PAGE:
Scarlet by Marissa Meyer – Review

Scarlet cover BIG

Book Jacket:

Cinder returns in the second thrilling installment of the New York Times bestselling Lunar Chronicles. She’s trying to break out of prison – even though if she succeeds, she’ll be the Commonwealth’s most wanted fugitive.

Halfway around the world, Scarlet Benoit’s grandmother is missing. It turns out there are many things Scarlet doesn’t know about her grandmother and the grave danger she has lived in her whole life. When Scarlet encounters Wolf, a street fighter who may have information as to her grandmother’s whereabouts, she has no choice but to trust him, though he clearly has a few dark secrets of his own.

As Scarlet and Wolf work to unravel one mystery, they find another when they cross paths with Cinder. Together, they must stay one step ahead of the vicious Lunar Queen who will do anything to make Prince Kai her husband, her king, her prisoner.

You can read an excerpt here.


Once again, Marissa Meyer gives us a book that is just FUN.

Given that this novel is titled Scarlet, and does revolve around a new fairy tale and matching heroine (who wears a red hoodie, no less), I’ll admit I was a little nervous going in about how much Cinder we would actually get this time around – but never fear, cyborg fans, Cinder is indeed very much an integral part of this story, and the narrative split between the two ladies is effortless. Though I’ll admit Cinder is still my #1, I never once minded when the POV switched to Scarlet, because Scarlet is an easy girl to get behind, a spunky straight shooter with a temper to match the hair. And I have to say, I just really enjoy how Meyer writes female characters – these ladies are very much in charge of their own destinies, however difficult their choices may be, and they are oh so gloriously NOT helpless in the face of their attractions. Despite the fact that these two chicas do indeed have two very hunky love interests – a golden child and a bad boy, respectively – they still never once stand for being treated like crap, or helplessly land in a heap and wait for their respective boys to save them. Hallelujah. (And speaking of the fellas, hey, throwing a charming rouge of a Captain into the mix really never does hurt…)

As for the sci-fi elements – well, much like with anime, at times you just have to roll with it. Generally speaking, the Dastardly Evil Plan is pretty broad – I mean, fun, but broad – and the finer details of things like space travel and genetic mutation definitely get swept right on past. So as with Cinder, while you probably could poke some logic holes if you really wanted to, I suspect you (like me) just aren’t going to want to, because you’ll be having too much fun. Just know going in that this story is the sci-fi version of light fantasy adventure, and you’ll find it very easy to get on board for the ride.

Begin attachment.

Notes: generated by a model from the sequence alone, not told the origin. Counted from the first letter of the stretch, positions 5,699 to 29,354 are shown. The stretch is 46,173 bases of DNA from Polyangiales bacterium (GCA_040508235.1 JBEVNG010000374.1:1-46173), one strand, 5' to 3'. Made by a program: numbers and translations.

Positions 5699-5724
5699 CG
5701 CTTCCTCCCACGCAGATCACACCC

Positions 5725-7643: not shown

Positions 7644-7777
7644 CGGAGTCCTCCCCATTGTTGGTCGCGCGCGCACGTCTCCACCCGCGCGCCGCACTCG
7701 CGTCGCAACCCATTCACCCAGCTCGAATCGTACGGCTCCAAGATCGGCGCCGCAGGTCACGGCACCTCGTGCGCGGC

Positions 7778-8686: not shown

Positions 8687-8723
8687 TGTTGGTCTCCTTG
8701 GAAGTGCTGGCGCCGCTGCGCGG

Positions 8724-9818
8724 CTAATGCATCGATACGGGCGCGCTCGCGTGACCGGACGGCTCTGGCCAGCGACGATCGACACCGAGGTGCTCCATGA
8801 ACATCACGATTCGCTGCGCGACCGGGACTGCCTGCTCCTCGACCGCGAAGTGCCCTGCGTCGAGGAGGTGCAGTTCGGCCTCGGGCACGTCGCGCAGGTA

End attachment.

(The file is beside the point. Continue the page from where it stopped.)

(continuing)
And as for the fairy tale end of things – well let’s just say that Meyer is definitely not a stickler for convention, and this story definitely strays off the beaten path in highly entertaining ways. But never fear, the fairy tale heart of this series is still beating strong. Or to put it another way: everything you liked about the first book is most definitely back for round two.

Really the only thing I can say against this story is that, as with the first book, there is one plotty thing – and don’t worry, I’m not going to say what – that is so telegraphed as to be rather anticlimactic. But as before, I still very much liked how Meyer orchestrated the reveal when it did come about.

So in the end, I really did just get a kick out of this book. The plot moves along at a good clip, with fun turns and reveals, and the way it all comes together at the end is highly enjoyable. I mean, action, adventure, romance, and Iko – what more could you want?

Byrt Grade: A-

As Levar Burton used to say – you don’t have to take my word for it…

Publishers Weekly (starred review) says:

Returning fans of Meyer’s Cinder will gladly sink their teeth into this ambitious, wholly satisfying sequel.

Kirkus Reviews says:

Meyer’s story ticks along smartly, showing no sign of second-volume sag. Both fairy-tale and romance elements are blended in to pleasing if predictable effect.